General labour laws apply in the same manner to the culture field as in any other sector that is funded from the government’s budget. There is also (more or less) a unified system of salaries for those working in the public sector.
The Retirement Law that came into effect in September 2007 made huge changes in the general retirement policy that seriously affected the cultural sector. Changes were made to the benefit of some groups in the cultural sector. It especially concerns ballet dancers in the Macedonian National Ballet, who now are required to work more years than before. The old law had guaranteed a special status to this profession – one year was calculated as a year and a half – so the ballet dancers could retire after 20-25 years’ work (at the age of 40-45). Now, according to the new law, the special status is still designated but the calculations have changed: 1 year for every three years! So the ballet dancers will have to work for nearly ten more years: female dancers until 53 years of age and male dancers until 56. The same problem applies to all the brass instrumentalists in the Macedonian music institutions.
The amendments (2014) to the Retirement Law provide the possibility (on a written request) for men to work until 67 and for women until 65. However, several women university professors submitted to the Constitutional Court an initiative for equalisation of retirement rights. The Macedonian Helsinki Committee also objected to these amendments.
There is also standardised collective bargaining agreements used when negotiating contracts with state run institutions. The first Collective Agreement was signed in June 2005 (as a first of its kind in the period of Transition) and it was amended in March 2006. During 2017 / 2018 a new Collective Agreement was in preparation and it was finalised and signed in December 2019. One of the biggest gains from this Collective Agreement is the increase of the salaried in the field of culture and its nivelation in all cultural institutions in the country.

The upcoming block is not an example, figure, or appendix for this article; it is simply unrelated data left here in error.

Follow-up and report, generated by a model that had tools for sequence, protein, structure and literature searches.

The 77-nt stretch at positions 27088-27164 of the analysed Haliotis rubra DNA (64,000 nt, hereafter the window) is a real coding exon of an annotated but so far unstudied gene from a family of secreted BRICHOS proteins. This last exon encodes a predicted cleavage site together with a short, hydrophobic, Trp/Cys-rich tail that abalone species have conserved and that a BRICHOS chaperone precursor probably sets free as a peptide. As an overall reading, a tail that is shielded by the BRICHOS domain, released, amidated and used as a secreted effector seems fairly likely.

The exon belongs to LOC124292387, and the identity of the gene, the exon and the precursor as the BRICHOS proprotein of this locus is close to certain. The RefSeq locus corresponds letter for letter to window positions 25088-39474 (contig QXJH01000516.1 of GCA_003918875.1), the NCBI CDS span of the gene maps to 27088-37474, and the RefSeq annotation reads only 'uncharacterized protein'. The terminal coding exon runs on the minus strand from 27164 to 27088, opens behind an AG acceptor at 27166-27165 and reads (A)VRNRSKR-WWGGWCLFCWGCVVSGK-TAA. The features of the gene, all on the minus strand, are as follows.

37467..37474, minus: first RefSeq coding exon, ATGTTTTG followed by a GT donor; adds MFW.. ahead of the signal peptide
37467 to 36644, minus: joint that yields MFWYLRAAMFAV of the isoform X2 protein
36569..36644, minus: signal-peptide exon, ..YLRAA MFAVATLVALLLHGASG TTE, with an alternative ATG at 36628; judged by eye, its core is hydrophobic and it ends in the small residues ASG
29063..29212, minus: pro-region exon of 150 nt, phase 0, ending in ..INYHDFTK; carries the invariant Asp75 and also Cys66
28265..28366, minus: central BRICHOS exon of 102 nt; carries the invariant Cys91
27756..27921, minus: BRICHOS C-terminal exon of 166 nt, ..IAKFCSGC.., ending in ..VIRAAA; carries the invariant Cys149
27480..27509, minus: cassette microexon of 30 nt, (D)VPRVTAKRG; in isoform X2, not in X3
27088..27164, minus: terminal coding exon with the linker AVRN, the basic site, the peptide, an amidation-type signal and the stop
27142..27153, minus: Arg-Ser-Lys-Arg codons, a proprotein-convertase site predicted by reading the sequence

According the urgent amendments to the Law on Culture (February 2014), the status of employees in the public cultural institutions has radically changed. Cultural workers in public institutions are classified into 3 groups: administrative staff (whose labour rights fall under the Law on Administration), cultural service providers (whose labour rights fall under the Law on Culture) and technical staff (whose labour rights fall under the Law on Employees in the Public Sector). The main category – the so called cultural service providers – has several subcategories: artist, assistant artist, skilled stage worker, skilled cultural collaborator, and skilled collaborator in the protection of cultural heritage, etc. Then, each subcategory has several levels. For example, the subcategory “artist” is further divided into “first category artist”, “second category artist”, concert maestro, etc.
On the other hand, the National Strategy for Cultural Development 2018-2022 promotes a status for cultural workers outside of the Law on Administration. However, the draft of the new Law on exercising the public interest in culture (which awaits Parliamentary procedure for almost two years) does not comply with this National Strategy.
In 2020, due to the KOVID-19 pandemic, a Law on financial support to citizens with low income, pensioners, social security beneficiaries and elderly people, young people, single parents, parentless children, independent artists and cultural workers, film workers and entertainment artists was adopted by the Parliament. It guaranteed a certain (tax free) financial support to these categories during the KOVID-19 pandemic.